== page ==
Piotr Skarga (real name Piotr Powęski; 1536–1612) was a Polish Jesuit, preacher, hagiographer, polemicist, and leading figure of the Counter-reformation in the Polish-Lithuanian Commonwealth. He was called the "Polish Bossuet" because of his oratorical abilities.
He was born February 2, 1536 in Grójec, to a family of lesser landless gentry. There he was raised and started his education at a local parochial school before moving to Kraków, where in 1552 he joined the Kraków Academy. He began life as a tutor to the family of Andrzej Tęczyński, castellan of Kraków, and, some years later, after a visit to Vienna, took orders, and from 1563 was attached to the cathedral church of Lwów. His oratory was so successful that he determined to become a missionary-preacher among the people, in order better to combat the social and political evils of the day. By way of preparation he studied theology in Italy from 1568 to 1570, and finally entered the Society of Jesus. On his return he preached successively at Pułtusk, Jarosław, and Płock under the powerful protection of Queen Anna Jagiellon. During a subsequent mission to Lithuania he converted numerous noble families, including the Radziwills.
He became the first rector of the Vilnius Academy in 1579, where he wrote the Lives of the Saints (Żywoty świętych), which is still popular reading today. In 1584 he was transferred to the new Jesuit College at Kraków, and in 1588 he became court preacher to King Sigismund III Vasa (a position he would hold until 1611), and thus sometimes preached to the Sejm (parliament). The nobility (Polish: szlachta) ascribed to him a great (and baleful: he advocated strong royal authority) influence on King Sigismund. He died September 27, 1612 and was buried in St. Peter and Paul church in Kraków.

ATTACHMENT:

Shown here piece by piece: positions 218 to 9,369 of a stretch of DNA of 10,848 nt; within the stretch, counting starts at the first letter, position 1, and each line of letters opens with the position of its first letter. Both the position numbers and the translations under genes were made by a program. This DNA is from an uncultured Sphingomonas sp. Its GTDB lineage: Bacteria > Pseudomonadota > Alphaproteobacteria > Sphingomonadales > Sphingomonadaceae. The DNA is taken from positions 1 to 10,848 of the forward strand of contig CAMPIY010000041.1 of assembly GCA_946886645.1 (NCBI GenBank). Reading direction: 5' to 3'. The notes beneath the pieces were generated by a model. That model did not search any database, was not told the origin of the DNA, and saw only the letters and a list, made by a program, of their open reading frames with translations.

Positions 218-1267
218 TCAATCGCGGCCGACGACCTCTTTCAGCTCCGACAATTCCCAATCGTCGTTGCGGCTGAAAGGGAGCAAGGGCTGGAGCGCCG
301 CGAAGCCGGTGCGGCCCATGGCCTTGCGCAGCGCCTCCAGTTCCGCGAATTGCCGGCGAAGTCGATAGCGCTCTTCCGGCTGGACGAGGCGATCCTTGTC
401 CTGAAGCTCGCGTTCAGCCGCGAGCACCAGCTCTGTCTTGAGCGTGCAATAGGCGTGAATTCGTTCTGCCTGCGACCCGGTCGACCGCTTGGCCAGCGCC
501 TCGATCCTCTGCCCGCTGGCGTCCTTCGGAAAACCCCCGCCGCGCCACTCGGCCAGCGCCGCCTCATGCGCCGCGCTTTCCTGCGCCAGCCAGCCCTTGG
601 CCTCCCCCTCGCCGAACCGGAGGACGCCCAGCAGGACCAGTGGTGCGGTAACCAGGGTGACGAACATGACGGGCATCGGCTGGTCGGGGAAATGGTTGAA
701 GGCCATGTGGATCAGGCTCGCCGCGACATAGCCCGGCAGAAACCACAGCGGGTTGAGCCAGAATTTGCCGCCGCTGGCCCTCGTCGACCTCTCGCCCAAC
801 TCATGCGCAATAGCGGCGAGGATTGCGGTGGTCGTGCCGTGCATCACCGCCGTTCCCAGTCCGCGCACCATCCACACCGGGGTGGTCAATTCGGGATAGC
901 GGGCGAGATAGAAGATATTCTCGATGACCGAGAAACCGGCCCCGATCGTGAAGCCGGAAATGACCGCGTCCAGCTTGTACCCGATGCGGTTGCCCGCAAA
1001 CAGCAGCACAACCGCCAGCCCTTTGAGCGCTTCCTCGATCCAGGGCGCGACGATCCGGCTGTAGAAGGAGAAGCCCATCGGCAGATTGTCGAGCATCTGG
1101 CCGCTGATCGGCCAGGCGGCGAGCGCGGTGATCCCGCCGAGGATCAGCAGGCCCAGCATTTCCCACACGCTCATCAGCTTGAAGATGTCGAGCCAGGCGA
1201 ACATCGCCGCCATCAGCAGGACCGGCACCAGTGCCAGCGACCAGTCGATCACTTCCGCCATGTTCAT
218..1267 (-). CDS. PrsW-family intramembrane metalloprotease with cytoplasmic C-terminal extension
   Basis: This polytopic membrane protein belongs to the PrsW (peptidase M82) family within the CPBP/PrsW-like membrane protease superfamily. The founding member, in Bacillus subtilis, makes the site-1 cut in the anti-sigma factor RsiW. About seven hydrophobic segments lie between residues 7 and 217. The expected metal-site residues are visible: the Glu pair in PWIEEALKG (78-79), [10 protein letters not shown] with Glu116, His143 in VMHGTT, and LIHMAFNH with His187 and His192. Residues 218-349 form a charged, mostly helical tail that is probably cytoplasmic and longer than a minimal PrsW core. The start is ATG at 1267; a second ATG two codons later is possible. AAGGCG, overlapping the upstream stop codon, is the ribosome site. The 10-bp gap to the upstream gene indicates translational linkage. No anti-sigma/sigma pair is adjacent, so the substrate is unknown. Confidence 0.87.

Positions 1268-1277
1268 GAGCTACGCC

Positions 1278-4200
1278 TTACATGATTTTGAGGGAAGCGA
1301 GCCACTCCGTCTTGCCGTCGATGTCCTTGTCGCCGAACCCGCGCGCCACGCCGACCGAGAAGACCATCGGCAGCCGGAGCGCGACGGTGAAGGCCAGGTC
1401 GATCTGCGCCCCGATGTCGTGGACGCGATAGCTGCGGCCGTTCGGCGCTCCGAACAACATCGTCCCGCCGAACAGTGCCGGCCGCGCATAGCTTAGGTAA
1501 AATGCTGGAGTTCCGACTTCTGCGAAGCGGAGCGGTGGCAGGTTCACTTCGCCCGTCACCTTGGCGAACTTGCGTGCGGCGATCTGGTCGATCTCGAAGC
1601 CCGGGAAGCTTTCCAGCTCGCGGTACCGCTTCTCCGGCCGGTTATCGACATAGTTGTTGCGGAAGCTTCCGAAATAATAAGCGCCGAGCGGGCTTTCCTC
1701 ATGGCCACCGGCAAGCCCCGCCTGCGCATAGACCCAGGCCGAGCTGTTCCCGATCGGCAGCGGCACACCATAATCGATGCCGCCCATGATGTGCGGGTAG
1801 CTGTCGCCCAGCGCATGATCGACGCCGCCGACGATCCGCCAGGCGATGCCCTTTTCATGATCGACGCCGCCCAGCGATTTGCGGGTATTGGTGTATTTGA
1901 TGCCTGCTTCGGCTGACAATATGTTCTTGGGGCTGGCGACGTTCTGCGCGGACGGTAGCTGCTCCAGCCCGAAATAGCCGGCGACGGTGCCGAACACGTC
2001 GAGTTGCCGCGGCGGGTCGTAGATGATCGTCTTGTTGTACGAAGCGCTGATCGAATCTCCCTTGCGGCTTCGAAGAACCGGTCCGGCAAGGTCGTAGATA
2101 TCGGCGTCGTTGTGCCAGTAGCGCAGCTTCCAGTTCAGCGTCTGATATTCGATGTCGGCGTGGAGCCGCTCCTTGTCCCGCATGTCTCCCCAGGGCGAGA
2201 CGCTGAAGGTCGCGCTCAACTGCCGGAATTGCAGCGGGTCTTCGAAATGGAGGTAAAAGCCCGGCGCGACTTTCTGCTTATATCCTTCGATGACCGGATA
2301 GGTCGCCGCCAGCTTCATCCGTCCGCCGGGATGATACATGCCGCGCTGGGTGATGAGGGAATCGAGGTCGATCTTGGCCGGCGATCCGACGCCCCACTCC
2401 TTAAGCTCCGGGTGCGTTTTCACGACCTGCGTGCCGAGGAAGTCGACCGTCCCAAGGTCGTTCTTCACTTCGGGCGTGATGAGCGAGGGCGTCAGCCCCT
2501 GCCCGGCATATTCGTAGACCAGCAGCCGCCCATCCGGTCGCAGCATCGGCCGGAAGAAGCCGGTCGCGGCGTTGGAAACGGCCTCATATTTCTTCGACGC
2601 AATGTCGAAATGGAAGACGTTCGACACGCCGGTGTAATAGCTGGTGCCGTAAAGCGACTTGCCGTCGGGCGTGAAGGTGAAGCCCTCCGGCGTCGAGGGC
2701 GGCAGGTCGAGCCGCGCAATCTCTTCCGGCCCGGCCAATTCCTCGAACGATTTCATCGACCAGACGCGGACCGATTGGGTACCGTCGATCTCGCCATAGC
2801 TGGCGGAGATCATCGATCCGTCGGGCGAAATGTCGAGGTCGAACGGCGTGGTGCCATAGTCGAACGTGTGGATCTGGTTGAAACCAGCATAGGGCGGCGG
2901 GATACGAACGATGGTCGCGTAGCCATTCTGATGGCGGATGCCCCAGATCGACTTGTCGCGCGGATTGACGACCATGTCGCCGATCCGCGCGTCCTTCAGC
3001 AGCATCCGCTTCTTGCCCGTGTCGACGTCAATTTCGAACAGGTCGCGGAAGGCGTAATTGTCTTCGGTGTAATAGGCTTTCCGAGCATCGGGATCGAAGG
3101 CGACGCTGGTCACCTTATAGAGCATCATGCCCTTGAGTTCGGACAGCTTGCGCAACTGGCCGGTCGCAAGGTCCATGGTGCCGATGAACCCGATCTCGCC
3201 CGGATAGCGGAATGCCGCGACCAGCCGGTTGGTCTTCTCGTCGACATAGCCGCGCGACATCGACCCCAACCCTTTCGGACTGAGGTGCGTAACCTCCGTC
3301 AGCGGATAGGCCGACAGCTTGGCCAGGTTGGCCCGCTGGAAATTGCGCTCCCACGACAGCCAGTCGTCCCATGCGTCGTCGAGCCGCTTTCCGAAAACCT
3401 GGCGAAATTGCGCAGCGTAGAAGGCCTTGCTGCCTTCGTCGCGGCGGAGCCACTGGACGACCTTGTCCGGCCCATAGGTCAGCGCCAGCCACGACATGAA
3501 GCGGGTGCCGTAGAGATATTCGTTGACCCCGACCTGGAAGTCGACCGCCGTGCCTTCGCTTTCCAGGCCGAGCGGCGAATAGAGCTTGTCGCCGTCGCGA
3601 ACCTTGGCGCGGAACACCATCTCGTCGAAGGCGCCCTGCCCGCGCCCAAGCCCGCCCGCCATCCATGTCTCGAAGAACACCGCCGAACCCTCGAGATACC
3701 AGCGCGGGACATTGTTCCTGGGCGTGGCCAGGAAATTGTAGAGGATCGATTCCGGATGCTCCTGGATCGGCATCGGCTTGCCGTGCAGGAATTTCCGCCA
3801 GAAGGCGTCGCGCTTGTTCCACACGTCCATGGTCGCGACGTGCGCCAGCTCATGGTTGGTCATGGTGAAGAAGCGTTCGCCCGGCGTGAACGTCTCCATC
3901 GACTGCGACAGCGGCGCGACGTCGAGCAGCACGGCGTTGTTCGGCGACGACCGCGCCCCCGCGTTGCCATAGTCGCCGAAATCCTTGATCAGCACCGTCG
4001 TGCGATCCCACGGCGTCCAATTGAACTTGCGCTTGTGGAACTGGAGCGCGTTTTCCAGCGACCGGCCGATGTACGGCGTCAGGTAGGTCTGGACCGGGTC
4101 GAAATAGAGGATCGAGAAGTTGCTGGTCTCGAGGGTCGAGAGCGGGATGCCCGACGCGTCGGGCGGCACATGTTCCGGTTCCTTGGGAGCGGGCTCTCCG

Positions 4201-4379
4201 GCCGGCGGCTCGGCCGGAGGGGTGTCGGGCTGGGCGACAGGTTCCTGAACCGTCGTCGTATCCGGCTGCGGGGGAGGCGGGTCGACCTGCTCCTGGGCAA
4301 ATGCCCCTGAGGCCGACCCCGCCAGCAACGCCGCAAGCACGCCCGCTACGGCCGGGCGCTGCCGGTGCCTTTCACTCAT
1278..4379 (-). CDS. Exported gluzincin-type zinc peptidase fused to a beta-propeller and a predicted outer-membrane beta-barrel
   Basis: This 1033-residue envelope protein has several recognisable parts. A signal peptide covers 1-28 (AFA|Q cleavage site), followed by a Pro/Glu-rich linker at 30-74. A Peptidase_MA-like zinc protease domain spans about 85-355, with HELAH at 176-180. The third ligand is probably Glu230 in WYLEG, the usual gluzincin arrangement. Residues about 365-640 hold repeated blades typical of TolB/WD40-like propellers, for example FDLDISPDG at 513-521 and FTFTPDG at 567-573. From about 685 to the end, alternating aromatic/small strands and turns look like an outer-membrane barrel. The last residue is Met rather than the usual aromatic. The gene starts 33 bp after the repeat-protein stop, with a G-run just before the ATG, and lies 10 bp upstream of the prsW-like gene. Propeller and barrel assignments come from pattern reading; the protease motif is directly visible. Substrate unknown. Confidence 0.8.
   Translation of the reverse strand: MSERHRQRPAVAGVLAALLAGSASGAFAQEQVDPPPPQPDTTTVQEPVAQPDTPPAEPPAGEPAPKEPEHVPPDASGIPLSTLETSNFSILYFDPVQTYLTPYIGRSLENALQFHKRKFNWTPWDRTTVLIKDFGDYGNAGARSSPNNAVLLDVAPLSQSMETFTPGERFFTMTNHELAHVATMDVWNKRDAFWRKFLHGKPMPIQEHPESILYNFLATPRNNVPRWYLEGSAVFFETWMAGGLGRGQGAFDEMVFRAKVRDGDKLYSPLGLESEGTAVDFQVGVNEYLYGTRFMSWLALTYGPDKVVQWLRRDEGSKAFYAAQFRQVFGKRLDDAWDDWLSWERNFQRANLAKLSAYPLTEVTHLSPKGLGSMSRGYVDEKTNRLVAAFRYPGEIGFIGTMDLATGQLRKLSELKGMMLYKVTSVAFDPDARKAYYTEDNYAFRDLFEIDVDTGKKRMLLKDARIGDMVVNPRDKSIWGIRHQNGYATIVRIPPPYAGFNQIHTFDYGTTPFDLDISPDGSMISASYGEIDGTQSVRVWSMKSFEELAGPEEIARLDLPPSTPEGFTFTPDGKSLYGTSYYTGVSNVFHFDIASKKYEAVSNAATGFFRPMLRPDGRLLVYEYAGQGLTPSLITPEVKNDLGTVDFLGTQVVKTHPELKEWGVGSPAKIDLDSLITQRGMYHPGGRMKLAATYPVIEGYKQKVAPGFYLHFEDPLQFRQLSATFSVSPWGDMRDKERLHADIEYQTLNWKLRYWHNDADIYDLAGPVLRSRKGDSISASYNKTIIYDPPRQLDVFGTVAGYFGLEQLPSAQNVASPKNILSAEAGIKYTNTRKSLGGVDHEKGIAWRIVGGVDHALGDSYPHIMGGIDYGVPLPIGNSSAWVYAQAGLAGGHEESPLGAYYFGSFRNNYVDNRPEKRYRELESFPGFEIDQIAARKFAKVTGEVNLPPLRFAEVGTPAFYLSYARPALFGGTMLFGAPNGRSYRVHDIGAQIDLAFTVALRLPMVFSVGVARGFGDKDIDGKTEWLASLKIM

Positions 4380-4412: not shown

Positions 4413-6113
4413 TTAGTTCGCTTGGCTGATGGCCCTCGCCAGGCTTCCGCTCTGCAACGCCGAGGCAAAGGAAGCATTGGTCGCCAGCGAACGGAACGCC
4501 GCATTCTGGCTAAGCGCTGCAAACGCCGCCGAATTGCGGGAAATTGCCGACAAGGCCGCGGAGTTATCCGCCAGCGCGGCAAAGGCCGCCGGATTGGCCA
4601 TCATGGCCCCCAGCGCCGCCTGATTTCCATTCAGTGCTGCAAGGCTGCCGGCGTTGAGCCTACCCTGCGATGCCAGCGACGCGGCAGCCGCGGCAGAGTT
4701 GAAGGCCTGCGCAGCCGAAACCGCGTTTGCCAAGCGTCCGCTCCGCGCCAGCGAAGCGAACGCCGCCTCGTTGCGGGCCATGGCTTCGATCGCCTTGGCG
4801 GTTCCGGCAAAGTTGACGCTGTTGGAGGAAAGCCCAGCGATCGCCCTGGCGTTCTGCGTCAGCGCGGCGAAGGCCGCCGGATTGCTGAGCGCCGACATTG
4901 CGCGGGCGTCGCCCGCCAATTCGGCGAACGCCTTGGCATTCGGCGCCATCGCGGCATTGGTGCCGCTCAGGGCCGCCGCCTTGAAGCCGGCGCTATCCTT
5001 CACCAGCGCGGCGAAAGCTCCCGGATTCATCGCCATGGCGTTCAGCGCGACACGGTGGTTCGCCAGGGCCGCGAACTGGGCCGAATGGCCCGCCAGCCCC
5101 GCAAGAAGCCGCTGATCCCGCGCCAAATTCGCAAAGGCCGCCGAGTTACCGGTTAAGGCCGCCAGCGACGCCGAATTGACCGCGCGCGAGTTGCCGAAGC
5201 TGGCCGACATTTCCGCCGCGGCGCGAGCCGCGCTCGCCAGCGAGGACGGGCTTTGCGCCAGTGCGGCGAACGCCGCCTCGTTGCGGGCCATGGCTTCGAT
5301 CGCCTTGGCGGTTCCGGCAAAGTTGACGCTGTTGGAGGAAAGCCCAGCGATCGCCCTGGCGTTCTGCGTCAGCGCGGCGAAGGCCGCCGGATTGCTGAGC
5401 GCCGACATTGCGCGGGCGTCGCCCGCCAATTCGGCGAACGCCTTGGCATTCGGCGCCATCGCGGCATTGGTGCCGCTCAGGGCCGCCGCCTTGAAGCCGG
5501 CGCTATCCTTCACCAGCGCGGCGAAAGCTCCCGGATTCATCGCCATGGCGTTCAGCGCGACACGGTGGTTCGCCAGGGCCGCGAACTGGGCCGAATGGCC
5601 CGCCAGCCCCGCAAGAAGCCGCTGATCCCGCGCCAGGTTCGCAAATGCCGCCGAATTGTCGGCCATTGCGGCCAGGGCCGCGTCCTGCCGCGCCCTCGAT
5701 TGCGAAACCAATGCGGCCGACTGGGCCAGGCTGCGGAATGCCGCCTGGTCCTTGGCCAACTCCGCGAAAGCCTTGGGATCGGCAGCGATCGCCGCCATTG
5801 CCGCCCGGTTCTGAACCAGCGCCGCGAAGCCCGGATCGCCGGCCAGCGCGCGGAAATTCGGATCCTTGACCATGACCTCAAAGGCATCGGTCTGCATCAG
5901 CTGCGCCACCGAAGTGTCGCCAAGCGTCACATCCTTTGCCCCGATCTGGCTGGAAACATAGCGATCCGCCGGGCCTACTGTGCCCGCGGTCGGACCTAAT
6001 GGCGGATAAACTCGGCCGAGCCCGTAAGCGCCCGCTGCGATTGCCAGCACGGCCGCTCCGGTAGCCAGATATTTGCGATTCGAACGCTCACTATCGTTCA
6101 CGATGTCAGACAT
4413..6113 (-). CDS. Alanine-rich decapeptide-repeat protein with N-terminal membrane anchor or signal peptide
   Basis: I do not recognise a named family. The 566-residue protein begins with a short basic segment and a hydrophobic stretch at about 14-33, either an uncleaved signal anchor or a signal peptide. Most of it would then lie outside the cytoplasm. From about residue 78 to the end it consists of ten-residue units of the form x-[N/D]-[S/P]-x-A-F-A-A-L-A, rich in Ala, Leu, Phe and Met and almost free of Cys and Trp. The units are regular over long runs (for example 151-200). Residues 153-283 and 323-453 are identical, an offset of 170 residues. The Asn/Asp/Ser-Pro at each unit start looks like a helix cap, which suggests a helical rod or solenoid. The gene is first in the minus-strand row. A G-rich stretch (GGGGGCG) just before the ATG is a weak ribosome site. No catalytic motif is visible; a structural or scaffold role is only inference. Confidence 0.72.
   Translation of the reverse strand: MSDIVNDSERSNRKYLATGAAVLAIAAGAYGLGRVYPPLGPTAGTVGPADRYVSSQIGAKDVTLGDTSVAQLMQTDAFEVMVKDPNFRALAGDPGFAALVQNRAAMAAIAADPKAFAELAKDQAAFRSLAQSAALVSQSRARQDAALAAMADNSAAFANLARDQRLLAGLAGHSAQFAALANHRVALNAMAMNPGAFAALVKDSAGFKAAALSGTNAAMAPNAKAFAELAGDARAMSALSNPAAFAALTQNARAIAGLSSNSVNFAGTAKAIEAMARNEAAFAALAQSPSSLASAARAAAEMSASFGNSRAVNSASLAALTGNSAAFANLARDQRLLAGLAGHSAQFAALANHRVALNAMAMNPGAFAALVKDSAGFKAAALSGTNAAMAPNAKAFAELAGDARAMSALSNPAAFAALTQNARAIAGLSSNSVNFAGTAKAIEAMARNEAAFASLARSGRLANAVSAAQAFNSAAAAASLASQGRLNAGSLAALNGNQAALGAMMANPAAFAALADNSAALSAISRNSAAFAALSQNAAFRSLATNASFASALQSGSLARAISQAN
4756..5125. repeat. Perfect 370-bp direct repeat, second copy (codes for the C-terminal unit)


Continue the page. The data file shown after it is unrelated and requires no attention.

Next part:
Skarga is remembered by Poles as a vigorous early advocate of reforms to the Polish-Lithuanian polity and as a critic of the Commonwealth's governing classes. He advocated the strengthening of the monarch's power at the expense of Sejm, magnates and szlachta.
His name "Skarga", which in Polish means, "accusation", is likely because of this career as a reformer and critic. The loose translation of his name would therefore be "Peter the Accuser".
He established or enlarged many Catholic charitable societies and Jesuit schools.
Janusz Tazbir, writing in 1978, noted that "there already is an extensive literature on Skarga". This he attributed to Skarga being the most famous figure in the Polish counter-reformation; to his reform proposals, that while controversial during his times, have gained renown during the times of partitions of Poland and have been well regarded since. He also notes that Skarga's writings are reviewed primarily for their valor with regards to political and socio-economic reforms, and not because of their theological content.
- Lives of the Saints (Żywoty świętych, 1579, 8 editions in his lifetime).
- Sejm Sermons (Kazania sejmowe, 1597, published posthumously).
- Soldiers' Devotions (Żołnierskie nabożeństwo, 1618).
- Chisholm, Hugh, ed. (1911). "Skarga, Piotr". Encyclopædia Britannica (11th ed.). Cambridge University Press
- "Nasz Patron - ks. Piotr Skarga". Stowarzyszenie Kultury Chrześcijańskiej im. Ks. Piotra Skargi (in Polish). piotrskarga.pl. 2007. Retrieved May 10, 2011.
- "Piotr Skarga (Polish Jesuit)". Britannica Online Encyclopedia. 2011. Retrieved May 10, 2011.
- "Rusza proces beatyfikacyjny ks. Skargi" (in Polish). wiara.pl. 2007. Retrieved June 12, 2013.
- Tazbir, Janusz (1978). Piotr Skarga, Szermierz kontrreformacji. Warszawa: Państwowe Wydawnictwo "Wiedza Powszechna". pp. 5–6.
- Tazbir, Janusz (1978). Piotr Skarga, Szermierz kontrreformacji. Warszawa: Państwowe Wydawnictwo "Wiedza Powszechna".
- "Peter Skarga". Catholic Encyclopedia. New York: Robert Appleton Company. 1913.
- Short note on Jesuits portraits
- Żywoty Świętych Starego y nowego zakonu, na każdy dzień przez cały Rok, Kraków 1603 at Opolska Biblioteka Cyfrowa